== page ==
Photo mats. Why are they so expensive? But they make such a difference, and can make a cheap frame look more luxe. They set off a photograph of a piece of art, and a good mat can really make it pop.

Painted frame with yellowed mat

Painted frame with yellowed mat

For the Guest Room Refresh, I needed a LOT of mats — ten. Ten mats. I did not have the budget for ten mats. So, I strategized. I spent big money on the two biggest mats: for the vintage map of Hawaii and for the framed vintage handkerchief. Those I had cut professionally.

But for the two smaller groupings of photographs, I needed to be more creative. I was using some Ikea frames which I have had in storage for almost eight years. They have been moved four times — across the country twice. But we just never used them. In that time, the mats in the frames yellowed — or maybe they were more yellow than I remember? Anyway, they didn’t look crisp or clean anymore.

But I didn’t have money to buy eight new mats.

What to do?

I thought about paint, but that seemed iffy at best. And then I remembered my Cricut Maker — precise cuts from heavy paper and a perfect solution.

If you don’t have a Cricut, you may have a friend who does! Ask around. Or perhaps there is one you can use at your local library of community art center. Our city’s maker space has several! But honestly, having eight custom mats cut would have been almost the same cost as a Cricut. If only they would create a blade that cuts mats on an angle…

Anyway, this is a quick and inexpensive way to update a dirty mat or to change the color of a mat that is outdated. By cutting the cardstock opening just slightly larger, the original mat’s beveled reveal is still there, but the cardstock covers up the original color.

You could also just use the cutout as a mat; it won’t have the depth that matte board has, but from afar it will have a similar effect.

 

Materials:

Cricut or Silhouette
Ruler or measuring tape
Heavy cardstock in your color choice
Double-stick tape or photo squares
Artwork or photographs
Frame and old mat


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Step 1: Measure your Mat

If you are working with an old mat, measure both the mat’s size as well as the opening size. Be very careful and precise with both measurements.

If the opening in your mat isn’t centered or the edges aren’t the same width, measure those as well.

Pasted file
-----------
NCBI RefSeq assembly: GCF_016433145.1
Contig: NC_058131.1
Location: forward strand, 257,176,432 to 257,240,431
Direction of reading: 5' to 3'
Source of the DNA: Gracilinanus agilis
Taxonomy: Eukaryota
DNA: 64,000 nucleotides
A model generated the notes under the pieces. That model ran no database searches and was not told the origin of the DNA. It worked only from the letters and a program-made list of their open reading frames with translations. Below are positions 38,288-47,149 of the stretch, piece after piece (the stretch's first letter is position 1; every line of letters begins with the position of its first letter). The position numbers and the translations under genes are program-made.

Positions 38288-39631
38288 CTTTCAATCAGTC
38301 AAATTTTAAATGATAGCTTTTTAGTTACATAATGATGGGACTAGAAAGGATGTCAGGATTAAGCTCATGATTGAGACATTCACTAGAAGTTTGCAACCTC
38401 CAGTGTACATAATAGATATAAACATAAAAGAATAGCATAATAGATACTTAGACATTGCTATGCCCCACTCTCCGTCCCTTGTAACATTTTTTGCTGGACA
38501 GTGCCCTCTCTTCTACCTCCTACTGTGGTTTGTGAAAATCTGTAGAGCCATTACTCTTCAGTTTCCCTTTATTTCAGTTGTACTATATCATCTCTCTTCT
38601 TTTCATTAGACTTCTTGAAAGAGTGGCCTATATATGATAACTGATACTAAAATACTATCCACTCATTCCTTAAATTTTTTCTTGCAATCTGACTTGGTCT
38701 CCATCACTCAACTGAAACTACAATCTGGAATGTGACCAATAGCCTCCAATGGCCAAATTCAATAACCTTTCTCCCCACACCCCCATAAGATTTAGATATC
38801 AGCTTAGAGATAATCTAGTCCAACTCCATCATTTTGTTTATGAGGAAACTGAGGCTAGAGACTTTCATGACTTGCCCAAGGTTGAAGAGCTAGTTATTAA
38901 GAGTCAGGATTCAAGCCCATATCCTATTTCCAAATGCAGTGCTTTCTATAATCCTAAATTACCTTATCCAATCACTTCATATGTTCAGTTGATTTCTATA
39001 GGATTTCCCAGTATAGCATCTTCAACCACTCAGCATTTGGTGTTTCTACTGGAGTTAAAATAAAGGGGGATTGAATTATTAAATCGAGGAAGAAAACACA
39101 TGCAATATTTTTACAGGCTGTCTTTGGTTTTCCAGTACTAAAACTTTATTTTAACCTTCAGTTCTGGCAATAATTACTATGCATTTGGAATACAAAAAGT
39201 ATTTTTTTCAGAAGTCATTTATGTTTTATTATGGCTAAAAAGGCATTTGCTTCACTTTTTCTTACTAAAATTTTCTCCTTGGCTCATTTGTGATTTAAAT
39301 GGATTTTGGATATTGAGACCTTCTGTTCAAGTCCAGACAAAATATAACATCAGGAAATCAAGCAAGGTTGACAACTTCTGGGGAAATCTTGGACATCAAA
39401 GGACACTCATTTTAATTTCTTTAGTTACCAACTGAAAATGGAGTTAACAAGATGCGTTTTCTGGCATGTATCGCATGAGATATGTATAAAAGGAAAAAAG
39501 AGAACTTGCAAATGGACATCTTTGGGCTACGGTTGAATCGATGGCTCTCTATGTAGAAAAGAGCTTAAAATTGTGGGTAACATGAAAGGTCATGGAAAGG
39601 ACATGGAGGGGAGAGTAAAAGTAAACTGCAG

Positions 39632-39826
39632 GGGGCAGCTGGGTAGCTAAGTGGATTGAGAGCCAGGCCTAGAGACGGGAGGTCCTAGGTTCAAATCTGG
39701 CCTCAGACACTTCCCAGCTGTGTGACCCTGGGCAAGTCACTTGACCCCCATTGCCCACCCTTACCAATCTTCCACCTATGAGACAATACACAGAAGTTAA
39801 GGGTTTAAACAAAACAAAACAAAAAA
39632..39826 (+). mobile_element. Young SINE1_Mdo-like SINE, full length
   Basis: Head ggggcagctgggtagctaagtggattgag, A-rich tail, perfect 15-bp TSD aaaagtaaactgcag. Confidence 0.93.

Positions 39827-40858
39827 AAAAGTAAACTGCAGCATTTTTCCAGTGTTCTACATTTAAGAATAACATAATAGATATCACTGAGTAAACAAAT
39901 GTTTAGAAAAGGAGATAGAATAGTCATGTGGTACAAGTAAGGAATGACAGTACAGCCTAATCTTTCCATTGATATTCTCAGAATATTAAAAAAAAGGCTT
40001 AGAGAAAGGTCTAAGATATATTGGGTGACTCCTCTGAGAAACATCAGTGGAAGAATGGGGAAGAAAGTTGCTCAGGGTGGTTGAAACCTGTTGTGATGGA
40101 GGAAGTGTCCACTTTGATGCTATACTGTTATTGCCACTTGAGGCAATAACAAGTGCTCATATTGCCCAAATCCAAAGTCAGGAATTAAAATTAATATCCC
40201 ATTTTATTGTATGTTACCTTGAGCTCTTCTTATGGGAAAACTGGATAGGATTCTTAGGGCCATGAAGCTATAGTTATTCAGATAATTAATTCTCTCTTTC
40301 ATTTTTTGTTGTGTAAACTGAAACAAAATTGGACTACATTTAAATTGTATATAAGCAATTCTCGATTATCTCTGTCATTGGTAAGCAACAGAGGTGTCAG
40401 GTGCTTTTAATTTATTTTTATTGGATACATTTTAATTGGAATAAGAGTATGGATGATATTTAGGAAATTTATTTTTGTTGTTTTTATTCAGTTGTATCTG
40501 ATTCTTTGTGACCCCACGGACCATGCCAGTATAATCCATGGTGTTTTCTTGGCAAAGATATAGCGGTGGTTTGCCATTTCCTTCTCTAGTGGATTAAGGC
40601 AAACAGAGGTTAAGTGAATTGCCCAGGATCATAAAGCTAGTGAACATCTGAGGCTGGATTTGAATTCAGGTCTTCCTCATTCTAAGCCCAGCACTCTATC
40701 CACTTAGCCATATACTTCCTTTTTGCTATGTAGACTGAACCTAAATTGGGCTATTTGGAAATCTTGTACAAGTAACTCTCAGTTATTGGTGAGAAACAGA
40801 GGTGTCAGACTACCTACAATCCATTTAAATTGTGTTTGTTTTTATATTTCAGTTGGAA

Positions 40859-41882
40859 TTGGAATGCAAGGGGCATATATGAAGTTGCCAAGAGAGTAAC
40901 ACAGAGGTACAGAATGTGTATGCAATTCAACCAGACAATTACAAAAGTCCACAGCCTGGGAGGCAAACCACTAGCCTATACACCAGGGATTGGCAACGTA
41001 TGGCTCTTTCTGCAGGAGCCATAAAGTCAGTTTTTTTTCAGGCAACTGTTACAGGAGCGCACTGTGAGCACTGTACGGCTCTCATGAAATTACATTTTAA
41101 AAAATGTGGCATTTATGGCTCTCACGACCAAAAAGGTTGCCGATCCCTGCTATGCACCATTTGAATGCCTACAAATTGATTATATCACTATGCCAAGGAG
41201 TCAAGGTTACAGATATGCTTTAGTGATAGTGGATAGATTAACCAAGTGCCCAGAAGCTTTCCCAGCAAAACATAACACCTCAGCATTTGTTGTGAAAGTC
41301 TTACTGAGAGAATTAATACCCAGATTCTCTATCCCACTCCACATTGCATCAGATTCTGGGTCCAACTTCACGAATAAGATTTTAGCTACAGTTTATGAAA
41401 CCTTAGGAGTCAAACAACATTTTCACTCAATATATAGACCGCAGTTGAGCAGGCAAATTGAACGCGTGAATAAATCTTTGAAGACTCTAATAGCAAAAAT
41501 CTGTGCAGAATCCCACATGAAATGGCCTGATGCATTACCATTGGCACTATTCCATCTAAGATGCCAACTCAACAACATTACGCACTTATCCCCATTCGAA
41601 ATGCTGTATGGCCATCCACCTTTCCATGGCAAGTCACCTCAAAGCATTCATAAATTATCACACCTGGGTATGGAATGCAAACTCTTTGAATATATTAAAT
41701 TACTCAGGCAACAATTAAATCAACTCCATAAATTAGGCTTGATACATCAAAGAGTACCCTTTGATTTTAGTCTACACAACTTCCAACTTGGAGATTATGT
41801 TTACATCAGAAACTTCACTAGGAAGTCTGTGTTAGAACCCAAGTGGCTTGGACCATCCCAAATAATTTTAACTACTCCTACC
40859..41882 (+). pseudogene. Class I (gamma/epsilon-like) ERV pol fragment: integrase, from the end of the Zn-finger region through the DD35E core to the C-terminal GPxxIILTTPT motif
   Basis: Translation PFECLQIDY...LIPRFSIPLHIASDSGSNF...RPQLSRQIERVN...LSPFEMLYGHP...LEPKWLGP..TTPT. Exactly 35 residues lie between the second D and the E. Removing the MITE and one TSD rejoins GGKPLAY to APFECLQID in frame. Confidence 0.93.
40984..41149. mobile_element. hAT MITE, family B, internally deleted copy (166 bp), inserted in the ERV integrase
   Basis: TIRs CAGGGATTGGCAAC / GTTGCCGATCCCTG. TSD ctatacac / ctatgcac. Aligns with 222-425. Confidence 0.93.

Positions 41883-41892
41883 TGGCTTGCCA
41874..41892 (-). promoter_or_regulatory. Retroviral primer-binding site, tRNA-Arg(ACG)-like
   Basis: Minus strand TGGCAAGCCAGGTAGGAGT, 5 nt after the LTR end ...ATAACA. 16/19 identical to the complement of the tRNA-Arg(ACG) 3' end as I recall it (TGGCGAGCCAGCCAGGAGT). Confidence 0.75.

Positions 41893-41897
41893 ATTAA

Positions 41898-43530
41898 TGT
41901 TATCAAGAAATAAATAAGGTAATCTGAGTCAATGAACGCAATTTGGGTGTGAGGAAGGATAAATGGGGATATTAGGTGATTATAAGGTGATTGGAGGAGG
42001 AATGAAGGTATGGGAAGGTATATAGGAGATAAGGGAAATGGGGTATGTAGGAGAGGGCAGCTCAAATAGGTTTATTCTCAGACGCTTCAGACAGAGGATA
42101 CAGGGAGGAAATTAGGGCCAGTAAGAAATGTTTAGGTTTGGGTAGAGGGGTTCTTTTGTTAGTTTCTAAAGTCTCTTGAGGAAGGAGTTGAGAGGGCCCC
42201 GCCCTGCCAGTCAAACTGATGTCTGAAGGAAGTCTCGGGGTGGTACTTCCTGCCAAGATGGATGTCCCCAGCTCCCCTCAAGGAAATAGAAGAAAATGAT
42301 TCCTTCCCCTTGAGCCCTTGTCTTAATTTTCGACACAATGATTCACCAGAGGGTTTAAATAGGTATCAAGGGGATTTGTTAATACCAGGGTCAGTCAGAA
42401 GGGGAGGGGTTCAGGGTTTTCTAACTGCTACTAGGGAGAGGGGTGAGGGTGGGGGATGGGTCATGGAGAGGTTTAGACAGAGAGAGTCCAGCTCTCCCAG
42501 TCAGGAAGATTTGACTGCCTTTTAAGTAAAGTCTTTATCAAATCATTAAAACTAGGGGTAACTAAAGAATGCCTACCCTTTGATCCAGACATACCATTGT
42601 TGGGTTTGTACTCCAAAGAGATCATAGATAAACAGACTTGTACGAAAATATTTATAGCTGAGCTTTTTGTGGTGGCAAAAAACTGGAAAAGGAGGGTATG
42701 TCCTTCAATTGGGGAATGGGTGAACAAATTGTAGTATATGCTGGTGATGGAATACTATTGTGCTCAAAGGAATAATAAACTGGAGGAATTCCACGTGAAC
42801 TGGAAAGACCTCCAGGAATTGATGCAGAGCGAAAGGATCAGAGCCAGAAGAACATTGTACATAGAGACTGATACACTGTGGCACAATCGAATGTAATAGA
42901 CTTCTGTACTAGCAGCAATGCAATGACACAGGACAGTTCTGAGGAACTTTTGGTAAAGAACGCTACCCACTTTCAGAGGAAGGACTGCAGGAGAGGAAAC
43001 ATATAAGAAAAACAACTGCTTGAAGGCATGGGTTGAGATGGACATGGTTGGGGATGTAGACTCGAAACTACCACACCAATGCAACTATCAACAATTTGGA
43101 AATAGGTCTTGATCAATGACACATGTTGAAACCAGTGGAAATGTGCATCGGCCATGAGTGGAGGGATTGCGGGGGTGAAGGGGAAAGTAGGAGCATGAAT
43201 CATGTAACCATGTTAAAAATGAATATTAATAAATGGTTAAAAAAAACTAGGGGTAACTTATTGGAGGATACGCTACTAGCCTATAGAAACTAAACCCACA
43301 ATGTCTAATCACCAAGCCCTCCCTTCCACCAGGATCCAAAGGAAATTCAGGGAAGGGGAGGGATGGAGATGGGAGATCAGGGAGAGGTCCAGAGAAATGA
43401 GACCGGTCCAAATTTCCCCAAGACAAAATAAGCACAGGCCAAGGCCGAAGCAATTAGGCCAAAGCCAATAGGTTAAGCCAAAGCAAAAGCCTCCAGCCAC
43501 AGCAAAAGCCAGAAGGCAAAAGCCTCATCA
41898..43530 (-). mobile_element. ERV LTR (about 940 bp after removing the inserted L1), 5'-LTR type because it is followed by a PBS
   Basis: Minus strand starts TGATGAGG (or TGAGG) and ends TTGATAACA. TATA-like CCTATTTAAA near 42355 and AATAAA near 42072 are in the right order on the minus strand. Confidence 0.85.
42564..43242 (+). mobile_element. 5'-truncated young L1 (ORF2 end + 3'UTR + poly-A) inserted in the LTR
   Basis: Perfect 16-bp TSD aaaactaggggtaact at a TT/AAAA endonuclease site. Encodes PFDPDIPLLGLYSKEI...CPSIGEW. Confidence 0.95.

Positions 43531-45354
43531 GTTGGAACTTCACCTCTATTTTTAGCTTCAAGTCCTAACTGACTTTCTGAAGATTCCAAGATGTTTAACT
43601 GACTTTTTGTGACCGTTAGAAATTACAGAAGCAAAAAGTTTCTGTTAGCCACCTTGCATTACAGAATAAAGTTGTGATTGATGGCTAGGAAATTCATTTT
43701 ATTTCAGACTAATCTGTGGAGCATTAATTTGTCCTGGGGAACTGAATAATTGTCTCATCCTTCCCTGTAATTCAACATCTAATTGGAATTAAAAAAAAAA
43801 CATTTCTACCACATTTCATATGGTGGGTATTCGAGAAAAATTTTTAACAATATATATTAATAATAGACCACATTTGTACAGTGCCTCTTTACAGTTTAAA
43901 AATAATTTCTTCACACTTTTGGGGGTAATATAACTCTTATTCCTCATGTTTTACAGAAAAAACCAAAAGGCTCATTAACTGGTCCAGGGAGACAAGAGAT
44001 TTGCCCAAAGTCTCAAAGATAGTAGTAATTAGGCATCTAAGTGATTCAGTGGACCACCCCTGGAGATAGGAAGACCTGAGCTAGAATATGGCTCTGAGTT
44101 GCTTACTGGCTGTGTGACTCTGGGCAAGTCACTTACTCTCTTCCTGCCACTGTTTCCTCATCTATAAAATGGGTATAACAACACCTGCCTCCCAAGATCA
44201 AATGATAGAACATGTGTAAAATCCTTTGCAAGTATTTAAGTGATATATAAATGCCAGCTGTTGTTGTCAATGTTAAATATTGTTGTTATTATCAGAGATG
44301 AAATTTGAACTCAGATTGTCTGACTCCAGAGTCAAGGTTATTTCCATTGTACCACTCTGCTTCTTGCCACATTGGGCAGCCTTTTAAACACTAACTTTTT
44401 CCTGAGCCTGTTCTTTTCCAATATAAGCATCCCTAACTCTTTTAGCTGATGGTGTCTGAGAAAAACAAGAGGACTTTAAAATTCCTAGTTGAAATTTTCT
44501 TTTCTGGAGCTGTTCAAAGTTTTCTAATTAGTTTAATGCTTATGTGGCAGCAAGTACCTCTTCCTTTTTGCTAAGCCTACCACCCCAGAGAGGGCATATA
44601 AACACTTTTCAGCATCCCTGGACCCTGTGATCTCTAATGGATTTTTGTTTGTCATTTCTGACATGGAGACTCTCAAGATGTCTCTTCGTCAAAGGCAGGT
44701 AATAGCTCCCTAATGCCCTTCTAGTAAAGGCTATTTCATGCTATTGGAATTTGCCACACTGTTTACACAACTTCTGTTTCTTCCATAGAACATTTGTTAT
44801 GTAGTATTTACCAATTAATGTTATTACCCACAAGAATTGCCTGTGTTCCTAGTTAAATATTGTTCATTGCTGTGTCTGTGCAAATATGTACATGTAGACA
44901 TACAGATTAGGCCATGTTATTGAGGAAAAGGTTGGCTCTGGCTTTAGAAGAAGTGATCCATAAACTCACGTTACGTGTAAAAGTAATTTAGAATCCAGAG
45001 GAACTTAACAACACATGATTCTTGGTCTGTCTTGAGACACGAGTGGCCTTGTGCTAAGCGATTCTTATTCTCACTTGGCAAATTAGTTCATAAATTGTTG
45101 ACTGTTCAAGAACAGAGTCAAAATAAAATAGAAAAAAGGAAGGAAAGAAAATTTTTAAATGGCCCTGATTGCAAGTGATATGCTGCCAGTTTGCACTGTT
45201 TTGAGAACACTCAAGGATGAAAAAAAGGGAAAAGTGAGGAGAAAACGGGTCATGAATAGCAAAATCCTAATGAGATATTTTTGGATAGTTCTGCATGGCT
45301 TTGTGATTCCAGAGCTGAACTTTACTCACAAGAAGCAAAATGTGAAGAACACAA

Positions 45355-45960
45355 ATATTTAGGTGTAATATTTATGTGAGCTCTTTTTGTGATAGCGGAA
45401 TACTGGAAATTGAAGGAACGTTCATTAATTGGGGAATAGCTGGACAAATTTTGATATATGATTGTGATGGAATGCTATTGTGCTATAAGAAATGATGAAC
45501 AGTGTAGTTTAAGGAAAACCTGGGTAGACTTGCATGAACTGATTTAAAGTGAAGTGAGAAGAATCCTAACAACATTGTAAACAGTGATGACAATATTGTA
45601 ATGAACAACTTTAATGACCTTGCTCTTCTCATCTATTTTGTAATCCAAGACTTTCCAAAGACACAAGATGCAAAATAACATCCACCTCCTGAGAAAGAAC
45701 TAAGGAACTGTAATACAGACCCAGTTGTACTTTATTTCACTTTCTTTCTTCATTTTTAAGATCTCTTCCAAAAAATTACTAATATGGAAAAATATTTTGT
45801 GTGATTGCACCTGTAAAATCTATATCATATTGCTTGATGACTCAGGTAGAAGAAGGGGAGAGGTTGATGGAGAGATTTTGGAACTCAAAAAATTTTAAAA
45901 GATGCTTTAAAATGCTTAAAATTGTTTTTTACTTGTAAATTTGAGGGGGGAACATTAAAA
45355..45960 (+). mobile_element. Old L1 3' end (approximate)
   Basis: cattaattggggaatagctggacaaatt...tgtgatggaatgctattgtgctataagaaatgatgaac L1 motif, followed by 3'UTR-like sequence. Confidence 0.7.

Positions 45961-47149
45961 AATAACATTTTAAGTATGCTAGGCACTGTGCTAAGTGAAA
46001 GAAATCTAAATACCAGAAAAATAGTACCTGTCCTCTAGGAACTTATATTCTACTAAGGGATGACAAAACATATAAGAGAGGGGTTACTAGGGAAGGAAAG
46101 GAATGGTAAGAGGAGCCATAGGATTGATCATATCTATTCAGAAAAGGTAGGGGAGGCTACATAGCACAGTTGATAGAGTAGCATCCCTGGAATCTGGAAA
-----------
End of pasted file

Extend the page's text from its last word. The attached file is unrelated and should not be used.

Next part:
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Step 2: Cut the Cardstock

In the Cricut Design Space, create two shapes: one with the dimensions of the mat’s outside edge, and the other with the mat’s opening dimensions. Center the opening shape in the larger mat shape — or position it so that it is in the right spot.

Now, make the opening shape 1/8” larger on all sides. This will allow for the bevel of your old mat to show. If your matte board is thicker, you may need more than 1/8”.

Make sure the lines are set to cut, and attach the two images. Then cut the cardstock.

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Step 3: Add Double-stick Tape

While the cardstock is being cut, apply double-stick tape or a photo square to each of the corners of the old mat. This just keeps everything lined up once you have it all centered.

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Step 4: Line Them Up Carefully and Stick

Once the cardstock is cut, carefully line up the openings of the cardstock and the mat. Then smooth from the center to the corners, making sure the cardstock is taped down.

 
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Step 5: Place the Photo or Artwork

Place your photo or artwork in the mat and reassemble the frame.

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Step 6: Hang & Enjoy

I used simple white cardstock, but since it comes in a whole rainbow of colors, your choices are many! I hope this tutorial serves as inspiration for many framing projects to come.

This post is part of a series: the DIY Guest Room Refresh. I hope you’ll check out some of the other projects and ideas from this renovation project.

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One of the easiest ways to update your photo frames is to change the color of your mats. This tutorial gives you DIY ideas and instructions for how to make your own mats using a Cricut or Silhouette -- or even a good knife. These simple matting ideas will bring your pictures back to life. Also includes: frames, framing, repainting frames, and repurposing. #diy #photography #framingideas